If your anti-virus isn’t the cause of the issues, make sure both the Shield TV and the PC are both on the same Wi-Fi network, that neither the app nor the software has pending updates, and that the Shield is connected to a 5GHz Wi-Fi band.
Lastly, try clearing the Nvidia Games Store’s cache by going to Settings > Apps > Nvidia Games > Clear Cache.
Upgrade Fails to Install
Sometimes, an upgrade file becomes corrupted. If it happens, the installation process of the upgrade will fail.
To remedy the problem, download a file explorer from the Google Play Store. You can find the pending upgrade at Local\NVIDIA\App\OTA. Delete the file and restart your device. After booting, the Shield will prompt you to download a new upgrade file from Nvidia’s servers.
The Device Won’t Wake Up
If your device is awake, you will see a green light on the top of the box. If you don’t see the light and pressing buttons on your remote is having no impact, it may be stuck in Sleep Mode.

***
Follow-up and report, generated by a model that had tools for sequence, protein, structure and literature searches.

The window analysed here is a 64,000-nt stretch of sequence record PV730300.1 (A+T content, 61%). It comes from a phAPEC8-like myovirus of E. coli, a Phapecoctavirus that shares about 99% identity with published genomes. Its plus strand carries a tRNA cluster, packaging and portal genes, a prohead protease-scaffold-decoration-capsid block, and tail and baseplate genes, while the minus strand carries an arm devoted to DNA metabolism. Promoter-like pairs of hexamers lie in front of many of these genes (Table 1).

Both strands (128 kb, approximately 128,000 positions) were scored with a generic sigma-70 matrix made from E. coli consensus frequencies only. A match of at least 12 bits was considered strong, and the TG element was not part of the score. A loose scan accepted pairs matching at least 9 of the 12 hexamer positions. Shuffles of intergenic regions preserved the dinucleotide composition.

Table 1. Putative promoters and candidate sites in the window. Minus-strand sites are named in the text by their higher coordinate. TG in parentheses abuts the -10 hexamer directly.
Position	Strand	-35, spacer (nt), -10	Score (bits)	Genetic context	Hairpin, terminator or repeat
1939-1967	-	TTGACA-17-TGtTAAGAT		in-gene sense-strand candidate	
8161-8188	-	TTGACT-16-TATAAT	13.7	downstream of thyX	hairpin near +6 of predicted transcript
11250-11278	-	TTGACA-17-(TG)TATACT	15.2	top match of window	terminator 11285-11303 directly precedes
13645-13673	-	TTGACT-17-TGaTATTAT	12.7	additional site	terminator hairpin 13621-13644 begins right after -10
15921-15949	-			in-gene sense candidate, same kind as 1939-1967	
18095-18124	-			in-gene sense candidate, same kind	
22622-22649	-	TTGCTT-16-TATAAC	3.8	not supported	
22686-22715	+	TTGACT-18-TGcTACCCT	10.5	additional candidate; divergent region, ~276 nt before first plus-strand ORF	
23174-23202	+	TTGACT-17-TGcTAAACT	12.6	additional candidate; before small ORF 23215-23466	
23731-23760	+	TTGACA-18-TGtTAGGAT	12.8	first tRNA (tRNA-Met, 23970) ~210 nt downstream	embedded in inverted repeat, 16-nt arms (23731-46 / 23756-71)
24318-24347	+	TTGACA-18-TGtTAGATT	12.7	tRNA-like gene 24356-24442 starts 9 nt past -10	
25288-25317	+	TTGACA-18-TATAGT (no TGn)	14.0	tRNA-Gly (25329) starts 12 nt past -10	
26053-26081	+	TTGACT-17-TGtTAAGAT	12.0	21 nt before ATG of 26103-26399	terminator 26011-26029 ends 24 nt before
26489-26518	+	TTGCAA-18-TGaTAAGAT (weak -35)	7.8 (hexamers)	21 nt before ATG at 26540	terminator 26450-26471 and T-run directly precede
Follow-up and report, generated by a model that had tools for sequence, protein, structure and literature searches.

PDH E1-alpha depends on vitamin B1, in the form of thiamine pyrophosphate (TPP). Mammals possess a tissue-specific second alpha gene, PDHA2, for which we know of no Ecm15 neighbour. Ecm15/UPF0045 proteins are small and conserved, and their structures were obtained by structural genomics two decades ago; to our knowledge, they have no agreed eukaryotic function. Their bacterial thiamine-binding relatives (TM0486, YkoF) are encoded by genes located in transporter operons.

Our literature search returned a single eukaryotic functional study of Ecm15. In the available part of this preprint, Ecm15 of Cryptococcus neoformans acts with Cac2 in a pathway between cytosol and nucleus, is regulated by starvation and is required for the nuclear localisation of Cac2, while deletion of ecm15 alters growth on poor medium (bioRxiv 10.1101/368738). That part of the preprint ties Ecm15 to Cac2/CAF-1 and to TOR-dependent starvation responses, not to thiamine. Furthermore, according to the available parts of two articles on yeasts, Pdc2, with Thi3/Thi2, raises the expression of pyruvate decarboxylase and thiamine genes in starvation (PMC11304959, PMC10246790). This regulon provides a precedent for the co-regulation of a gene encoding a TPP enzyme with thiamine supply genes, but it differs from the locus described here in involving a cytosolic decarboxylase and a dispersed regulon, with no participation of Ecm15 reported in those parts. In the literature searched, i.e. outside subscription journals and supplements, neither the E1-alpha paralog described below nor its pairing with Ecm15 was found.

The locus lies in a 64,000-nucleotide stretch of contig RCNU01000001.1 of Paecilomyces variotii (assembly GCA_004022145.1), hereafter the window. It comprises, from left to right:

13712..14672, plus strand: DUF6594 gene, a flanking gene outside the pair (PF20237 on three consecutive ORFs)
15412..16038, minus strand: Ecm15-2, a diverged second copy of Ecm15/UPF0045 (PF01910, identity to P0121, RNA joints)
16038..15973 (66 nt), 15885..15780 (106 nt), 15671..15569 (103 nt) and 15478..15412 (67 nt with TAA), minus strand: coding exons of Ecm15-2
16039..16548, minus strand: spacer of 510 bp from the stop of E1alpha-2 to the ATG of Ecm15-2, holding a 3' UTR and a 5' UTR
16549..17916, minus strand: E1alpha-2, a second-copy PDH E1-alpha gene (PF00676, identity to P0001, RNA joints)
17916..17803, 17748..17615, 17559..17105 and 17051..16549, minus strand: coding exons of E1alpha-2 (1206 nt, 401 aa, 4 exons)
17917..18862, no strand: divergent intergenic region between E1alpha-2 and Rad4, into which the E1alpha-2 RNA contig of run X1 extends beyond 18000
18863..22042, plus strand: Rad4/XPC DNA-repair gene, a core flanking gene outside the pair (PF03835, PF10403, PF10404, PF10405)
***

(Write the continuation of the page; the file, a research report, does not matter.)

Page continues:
The only solution is to perform a power cycle. Remove the power lead from your device, wait 10 seconds, and plug it in again.
Audio and Video Issues
If your screen is blank or you do not hear any audio output, try working through some of these common solutions:
- If you’re using a monitor, does it support audio output?
- Try a different HDMI port on your TV.
- If you’re using headphones, make sure you’re not listening to audio in AC3 or Dolby – they aren’t supported.